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Utility To Control 1602 LCD On Raspberry Pi Via A PCF8574 I2C Backpack Module

By Stephen Stebbing 2014-11-14 05:32:23 2 comments


Described here is a utility that allows a common HD44789 based LCD display to be controlled from a Raspberry Pi over the i2c bus by means of a cheap. PCF8574 backpack module

It came about as the result of the need for a 1602 LCD on my recent Raspberry Pi server project, but should also work with LCDs of different geometry such as 1602 or 2002.


1. Usage

The utility is simple to use. Typing lcdi2c or lcdi2c -h displays the usage information:

Usage:  lcdi2c [options] "string to display"
Display string on a HD44780 LCD which is connected by the i2c bus via a PCF8574 port expander
Options:
	-a address	- use this i2c (hexidecimal) address (default 0x27)
	-i		- initialise (reset) the lcd
	-r rows		- set the number of rows (default 2)
	-c cols		- set the number of columns (default 16)
	-x col		- move cursor to this column (default 0)
	-y row		- move cursor to this row (default 0)
	-b [01]		- turn backlight on (1) or off (0) (default off)
	-l		- clear the screen
	-s [012]	- turn cursor off (0), on (1), or blink (2) (default off)
	-h		- display this help message

  • The -r and -c options set the number of rows and columns as used to determine where the text should wrap. These don’t need to be used on a 1602 display as this is the default, but need to be set when using 1604 or 2002 displays for example.
  • The -i option resets the display. This generally only need to be done once, before using the LCD. This can be put in a startup script.
  • -b controls the backlight. Note that the utility does not keep track of backlight state, so if you want it to be on, then include the -b 1 option in every command.
  • The utility needs to be run as root: either by user root, or via sudo, or by making the binary setuid 0.


1.1. Examples

lcdi2c -b 1 -l -x 2 -y 1 "Hello World"

Turns the backlight on, clears the screen, and displays the text “Hello World” on the second row, starting at the third position.

lcdi2c -l "$(printf "%-16s %-16s" $(date +"%T") $(date +"%D"))"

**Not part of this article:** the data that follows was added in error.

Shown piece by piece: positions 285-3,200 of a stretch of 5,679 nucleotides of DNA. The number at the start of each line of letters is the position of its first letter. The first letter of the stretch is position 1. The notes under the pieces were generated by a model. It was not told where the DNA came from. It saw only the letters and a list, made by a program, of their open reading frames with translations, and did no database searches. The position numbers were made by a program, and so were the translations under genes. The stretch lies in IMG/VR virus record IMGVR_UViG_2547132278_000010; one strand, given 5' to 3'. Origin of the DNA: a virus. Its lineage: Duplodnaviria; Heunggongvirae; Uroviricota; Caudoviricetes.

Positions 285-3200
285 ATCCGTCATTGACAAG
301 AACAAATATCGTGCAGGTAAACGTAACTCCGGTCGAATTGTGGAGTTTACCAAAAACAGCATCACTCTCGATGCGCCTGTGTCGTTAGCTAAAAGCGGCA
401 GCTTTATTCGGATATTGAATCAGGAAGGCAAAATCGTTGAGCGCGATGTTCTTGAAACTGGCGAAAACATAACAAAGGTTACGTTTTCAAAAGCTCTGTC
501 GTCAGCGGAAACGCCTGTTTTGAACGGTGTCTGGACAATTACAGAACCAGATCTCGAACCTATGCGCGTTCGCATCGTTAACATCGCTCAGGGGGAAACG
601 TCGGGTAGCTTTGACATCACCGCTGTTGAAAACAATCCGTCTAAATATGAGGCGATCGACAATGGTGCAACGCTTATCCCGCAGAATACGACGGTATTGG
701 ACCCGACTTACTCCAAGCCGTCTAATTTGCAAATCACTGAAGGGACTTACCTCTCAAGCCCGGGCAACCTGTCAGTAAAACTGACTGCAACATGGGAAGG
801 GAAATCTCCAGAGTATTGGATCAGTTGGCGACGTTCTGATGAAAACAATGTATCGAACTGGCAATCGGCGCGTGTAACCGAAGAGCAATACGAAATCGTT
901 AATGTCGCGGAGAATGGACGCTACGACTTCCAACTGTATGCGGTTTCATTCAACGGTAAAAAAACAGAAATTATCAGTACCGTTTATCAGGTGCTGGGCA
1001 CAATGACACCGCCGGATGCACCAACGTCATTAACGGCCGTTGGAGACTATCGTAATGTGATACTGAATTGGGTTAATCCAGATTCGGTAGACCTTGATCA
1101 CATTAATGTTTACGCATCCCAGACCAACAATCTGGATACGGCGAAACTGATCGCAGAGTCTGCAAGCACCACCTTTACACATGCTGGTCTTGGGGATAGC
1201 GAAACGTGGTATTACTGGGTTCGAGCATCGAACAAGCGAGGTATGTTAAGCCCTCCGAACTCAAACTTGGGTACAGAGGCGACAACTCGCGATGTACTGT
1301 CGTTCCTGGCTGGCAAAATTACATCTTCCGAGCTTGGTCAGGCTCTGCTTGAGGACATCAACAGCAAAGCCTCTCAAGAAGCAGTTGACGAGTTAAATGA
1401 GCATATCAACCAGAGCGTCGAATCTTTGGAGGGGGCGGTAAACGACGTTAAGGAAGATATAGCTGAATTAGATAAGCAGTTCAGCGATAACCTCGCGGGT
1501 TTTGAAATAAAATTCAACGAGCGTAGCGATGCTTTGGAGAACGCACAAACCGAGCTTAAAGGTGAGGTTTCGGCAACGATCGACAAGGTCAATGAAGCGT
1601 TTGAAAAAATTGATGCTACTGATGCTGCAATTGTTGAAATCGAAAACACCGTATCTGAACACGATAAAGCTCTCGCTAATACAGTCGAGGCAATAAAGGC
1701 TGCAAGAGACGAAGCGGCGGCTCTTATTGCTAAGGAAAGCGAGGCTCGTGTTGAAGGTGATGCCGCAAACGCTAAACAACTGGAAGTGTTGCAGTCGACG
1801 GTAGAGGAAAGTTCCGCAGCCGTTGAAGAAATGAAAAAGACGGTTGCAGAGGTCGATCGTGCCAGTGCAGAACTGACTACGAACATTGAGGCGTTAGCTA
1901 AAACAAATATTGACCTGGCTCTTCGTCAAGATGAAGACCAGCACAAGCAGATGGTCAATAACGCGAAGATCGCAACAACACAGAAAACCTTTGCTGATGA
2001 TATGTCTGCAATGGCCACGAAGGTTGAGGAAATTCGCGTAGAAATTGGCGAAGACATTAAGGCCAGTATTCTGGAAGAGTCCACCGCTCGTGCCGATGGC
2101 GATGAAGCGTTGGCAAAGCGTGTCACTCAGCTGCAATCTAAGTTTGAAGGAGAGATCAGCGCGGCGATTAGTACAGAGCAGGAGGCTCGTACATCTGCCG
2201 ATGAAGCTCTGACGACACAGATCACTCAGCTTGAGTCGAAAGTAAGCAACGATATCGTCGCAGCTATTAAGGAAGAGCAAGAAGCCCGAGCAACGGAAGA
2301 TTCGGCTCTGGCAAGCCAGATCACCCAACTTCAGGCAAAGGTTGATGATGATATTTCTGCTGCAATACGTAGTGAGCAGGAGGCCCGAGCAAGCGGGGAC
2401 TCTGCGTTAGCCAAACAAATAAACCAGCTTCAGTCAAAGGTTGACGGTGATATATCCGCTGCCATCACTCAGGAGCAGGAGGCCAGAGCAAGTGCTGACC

Clears the screen and displays the current time on the first line, and current date on the second. The printf utility from the coreutils package is very handly for formatting text on the command line.


2. Installing The Hardware

The i2c bus on the Pi runs at 3.3 volts and at 5 on the backpack, so using a level converter module between them is advisable. Some people have reported success using a direct connection, but do so at your own risk as it might cause damage to the Pi.

With the i2c-tools packaged installed, the i2cdetect utility can be used to display a table of which i2c devices are present at the various addresses:

>sudo i2cdetect -y 1
     0  1  2  3  4  5  6  7  8  9  a  b  c  d  e  f
00:          .. .. .. .. .. .. .. .. .. .. .. .. .. 
10: .. .. .. .. .. .. .. .. .. .. .. .. .. .. .. .. 
20: .. .. .. .. .. .. .. 27 .. .. .. .. .. .. .. .. 
30: .. .. .. .. .. .. .. .. .. .. .. UU .. .. .. .. 
40: .. .. .. .. .. .. .. .. .. .. .. .. .. .. .. .. 
50: 50 .. .. .. .. .. .. .. .. .. .. .. .. .. .. .. 
60: .. .. .. .. .. .. .. .. UU .. .. .. .. .. .. .. 
70: .. .. .. .. .. .. .. ..     

Shows the device present as expected, at its default address of 0×27. (The UU indicated devices for which a kernel driver is installed. The device at 0×50 is an unused i2c eeprom).


3. Download and Compiling

The i2c communication from the Pi is done with the use of Gordon’s excellent WiringPi libary, and so this needs to be installed prior to compiling and/or running the utility. Installation instruction are here.

The lcdi2c binary, compiled on Raspbian, is available here and should run on most machines.

The lcdi2c source code is available here, and can be compiled by simply issuing the make command.


3.1. Using Modules With Different Pinouts

If you are using a module that has wiring between the LCD and the backpack module different to the one shown here, then you’ll need to change the following lines in lcd_i2c.c as follows:

// pcf8574 bit positions of the lcd control pins 
// bits 4 to 7 are the data bits
#define LCD_I2C_RS 0
#define LCD_I2C_RW 1
#define LCD_I2C_E  2
#define LCD_I2C_BACKLIGHT 3
...
// set the data nibble -
// note: will need to change this for devices with different wiring.
#define LCD_I2C_DATA_NIBBLE(lcd_p, x) lcd_p->output= (x<<4 | (lcd_p->output & 0x0f))


4. Links and Resources


5. Conclusion

In practice, I call the utility from a Perl script which maintains the state of the backlight, and allows the display of several pages of text which are contained in files. Other scripts keep the files up to date. The user can cycle through them by means of a push button mounted beneath the LCD.

I hope people find this useful; please let me know if you do.

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